The boastful ‘Made in India’ tags behind most of our electronics and goods are deceptive — by ‘Made’, they only mean assembled, not manufactured. And Pune-based start-up Bhorzvan Motors is determined to set this straight.
The technological lag in EVs and electric motors is huge setback in the Centre’s plan to fully transition to electric mobility by the mid of the approaching decade. Cheap parts in an EV, namely the chassis, seats and steering, are manufactured locally, while we still import the costliest parts — batteries and motors.
“In India, we’re good at BPOs and KPOs, off-shore businesses, assembling parts and software services, but not at fundamental business development,” opines Rohan Shravan, who co-founded Bhorzvan Motors to solve this problem by manufacturing electric motors.
Shravan met co-founder Nishant Kalbhor back in 2012, who was working at Tork, the Pune-based electric vehicle (EV) company. He was tinkering with the idea of a lightweight electric motor, but it wasn’t until early 2017 that the two thought of collaborating. They went commercial in January this year.
The first product that the team developed was a backpack-size 120kW electric motor that weighs just 15 kilogram; for reference, a Hyundai Creta’s diesel engine makes about 92kW. Put four of these Bhorzvan motors together and you could power a Tesla model S, whose motor weighs 260 kilogram. The weight saved on the motor can be used to package a larger battery in a vehicle.
If Bhorzvan is slighter in weight, space and inefficiency, it is so even in its cost. “The motor and controller in one of India’s popular electric scooters would cost about Rs 25,000, while the Bhorzvan motor would cost nearly half this price,” says Shravan. The start-up’s patented motor design prevents heat loss, which allows the motor to function at a claimed 98% efficiency; traditional motors stand at about 85%.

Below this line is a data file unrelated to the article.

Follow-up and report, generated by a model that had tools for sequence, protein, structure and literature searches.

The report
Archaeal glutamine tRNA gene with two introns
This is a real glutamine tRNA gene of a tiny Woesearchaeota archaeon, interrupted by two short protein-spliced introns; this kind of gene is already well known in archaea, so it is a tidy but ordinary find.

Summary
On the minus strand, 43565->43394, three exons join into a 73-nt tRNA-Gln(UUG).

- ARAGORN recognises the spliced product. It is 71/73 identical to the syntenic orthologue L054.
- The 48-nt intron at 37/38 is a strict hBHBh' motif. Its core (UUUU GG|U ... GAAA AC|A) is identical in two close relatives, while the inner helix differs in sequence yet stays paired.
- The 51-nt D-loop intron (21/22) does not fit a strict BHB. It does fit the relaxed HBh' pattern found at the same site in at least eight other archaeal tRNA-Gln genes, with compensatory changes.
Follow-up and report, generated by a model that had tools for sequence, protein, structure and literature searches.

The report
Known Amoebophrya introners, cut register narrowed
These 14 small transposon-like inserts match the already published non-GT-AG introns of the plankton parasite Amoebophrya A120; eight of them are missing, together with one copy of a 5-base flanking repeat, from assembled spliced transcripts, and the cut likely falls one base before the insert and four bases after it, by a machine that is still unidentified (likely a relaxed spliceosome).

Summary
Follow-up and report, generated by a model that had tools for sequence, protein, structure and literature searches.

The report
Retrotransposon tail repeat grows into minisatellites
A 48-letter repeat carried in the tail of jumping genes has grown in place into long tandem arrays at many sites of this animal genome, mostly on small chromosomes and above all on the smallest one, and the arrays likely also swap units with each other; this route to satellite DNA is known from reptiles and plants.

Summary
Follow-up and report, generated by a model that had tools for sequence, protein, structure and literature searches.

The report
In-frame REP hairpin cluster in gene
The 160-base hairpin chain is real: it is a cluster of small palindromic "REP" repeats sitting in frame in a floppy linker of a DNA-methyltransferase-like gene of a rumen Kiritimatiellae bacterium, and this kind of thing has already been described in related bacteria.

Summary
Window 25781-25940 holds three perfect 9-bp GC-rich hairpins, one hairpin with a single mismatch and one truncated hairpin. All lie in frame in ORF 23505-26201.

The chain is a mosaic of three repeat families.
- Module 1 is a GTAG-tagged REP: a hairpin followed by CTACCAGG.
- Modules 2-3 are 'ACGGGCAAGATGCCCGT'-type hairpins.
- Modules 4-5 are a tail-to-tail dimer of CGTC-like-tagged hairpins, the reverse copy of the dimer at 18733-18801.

Bhorzvan is already underway with its pilot projects with OEMs including Mahindra. The electric motor will be used in two- and three- wheelers, light commercial vehicles and the last-mile transport segment, for instance, in e-rickshaws.
However, the two say that EVs will not penetrate the passenger vehicle segment for about five years. Instead, they predict carmakers to use hybrids to segue into EVs. Presently, Bhorzvan is working with Tata on three hybrid vehicle projects, the first of which is likely to launch by late-2020.
These projects are estimated to sell about 25,000 hybrid motors by the next year and 40,000 in the next two years. Without revealing the revenue for FY20, he expects the deals with OEMs to yield Rs 2.5 billion by the turn of 2022.
The badge of being the first mover comes with its disadvantage as well. Amidst service-providing start-ups, investors are understandably sceptical about pouring money into metalwork. The two co-founders invested nearly $130,000 in personal capacity and plan to raise about $1.5 million to set up R&D equipment and expand production. India’s auto giants may seem the obvious investors, but they would want all the tech to themselves. However, Kalbhor and Shravan are optimistic with their trials with major OEMs. Their idea is to become an end-to-end powertrain supplier — manufacture motors, controllers, as well as Battery Management System — for EVs. All that their clients would need to keep ready will be the battery pack, vehicle’s chassis, and ancillaries.
Determined to make India fuel-free mobility at low cost, Kalbhor and Shravan are counting on their motors to power the fast train.